What is an emergency? John Launer

Conversations inviting change. John Launer

An immodest proposal for medical education

Right at the very beginning of their studies, medical students have strong ideas about what kind of doctor they want to be, even if they know very little about how to actually be a doctor. In one study medical students regarded empathy, motivation to be a doctor, good verbal communication, being ethically sound and honesty as the most important qualities. Medical education needs to be radically reformed if it is to support these ideals which are too easily lost.

Educationalist, Sir Ken Robinson interviewed on radio 4 last week, was asked whether he thought it necessary to master basic skills in literacy or numeracy before giving expression to language or mathematics. He responded,

“Well it’s wrong … it’s just not true. It is important that you learn these things as you go on , but this is a matter of pedagogy. I mean for example, we’re here in Liverpool, this was the birthplace of the Beatles. When they started out they knew about three chords but they had fantastic energy, compassion, enthusiasm for music. Well, nobody would deny that they became much more sophisticated musicians as they went on, but they were impelled to become more sophisticated by their passion for the music they were creating.”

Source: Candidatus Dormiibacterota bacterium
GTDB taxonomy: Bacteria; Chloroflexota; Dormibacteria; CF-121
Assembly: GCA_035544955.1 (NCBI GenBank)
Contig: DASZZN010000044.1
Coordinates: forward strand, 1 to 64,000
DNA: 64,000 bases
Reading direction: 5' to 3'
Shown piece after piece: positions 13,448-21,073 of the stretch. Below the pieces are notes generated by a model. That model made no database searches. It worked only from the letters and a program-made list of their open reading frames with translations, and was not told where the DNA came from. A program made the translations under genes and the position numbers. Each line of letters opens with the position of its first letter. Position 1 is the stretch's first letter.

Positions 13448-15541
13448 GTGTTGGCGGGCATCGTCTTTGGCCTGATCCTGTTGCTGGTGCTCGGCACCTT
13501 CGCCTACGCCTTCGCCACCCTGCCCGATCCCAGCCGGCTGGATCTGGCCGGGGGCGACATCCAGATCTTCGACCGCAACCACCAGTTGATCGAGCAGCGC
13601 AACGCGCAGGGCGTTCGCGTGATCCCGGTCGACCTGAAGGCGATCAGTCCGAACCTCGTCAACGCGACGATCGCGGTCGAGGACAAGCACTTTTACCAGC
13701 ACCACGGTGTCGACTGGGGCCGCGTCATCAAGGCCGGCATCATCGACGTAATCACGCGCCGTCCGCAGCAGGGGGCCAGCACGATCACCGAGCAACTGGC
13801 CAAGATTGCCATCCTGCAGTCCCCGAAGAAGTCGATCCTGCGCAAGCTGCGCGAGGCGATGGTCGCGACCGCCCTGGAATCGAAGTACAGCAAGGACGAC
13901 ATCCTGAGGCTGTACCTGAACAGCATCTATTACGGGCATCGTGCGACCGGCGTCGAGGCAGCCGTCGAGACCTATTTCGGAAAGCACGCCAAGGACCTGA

He continues to say that great teachers give students a passion for their subject and their enthusiasm for learning follows from that. We need to give medical students a passion for the practice of medicine right from the first day they start medical school.

I’ll acknowledge here, that increasing numbers of medical schools have introduced patient-contact in the first year. But it needs to go much further.

The entire first year of medical school should be vocational.  Students should spend the whole year seeing how medicine is practised from the perspectives of different types of doctors, allied health professionals, managers, policy makers and most important of all, patients. They need to know what it’s like to live with a chronic disease and deal with doctors and the health and social care systems in which they will one-day work. They should learn about what it means to be a professional, about the privileges, responsibilities and stresses of their profession. They should learn from close observation and role models about the responsible use and irresponsible abuse of power. A grounding in narrative medicine and the medical humanities will be essential for them to develop the ability to critically balance such a wide range of perspectives.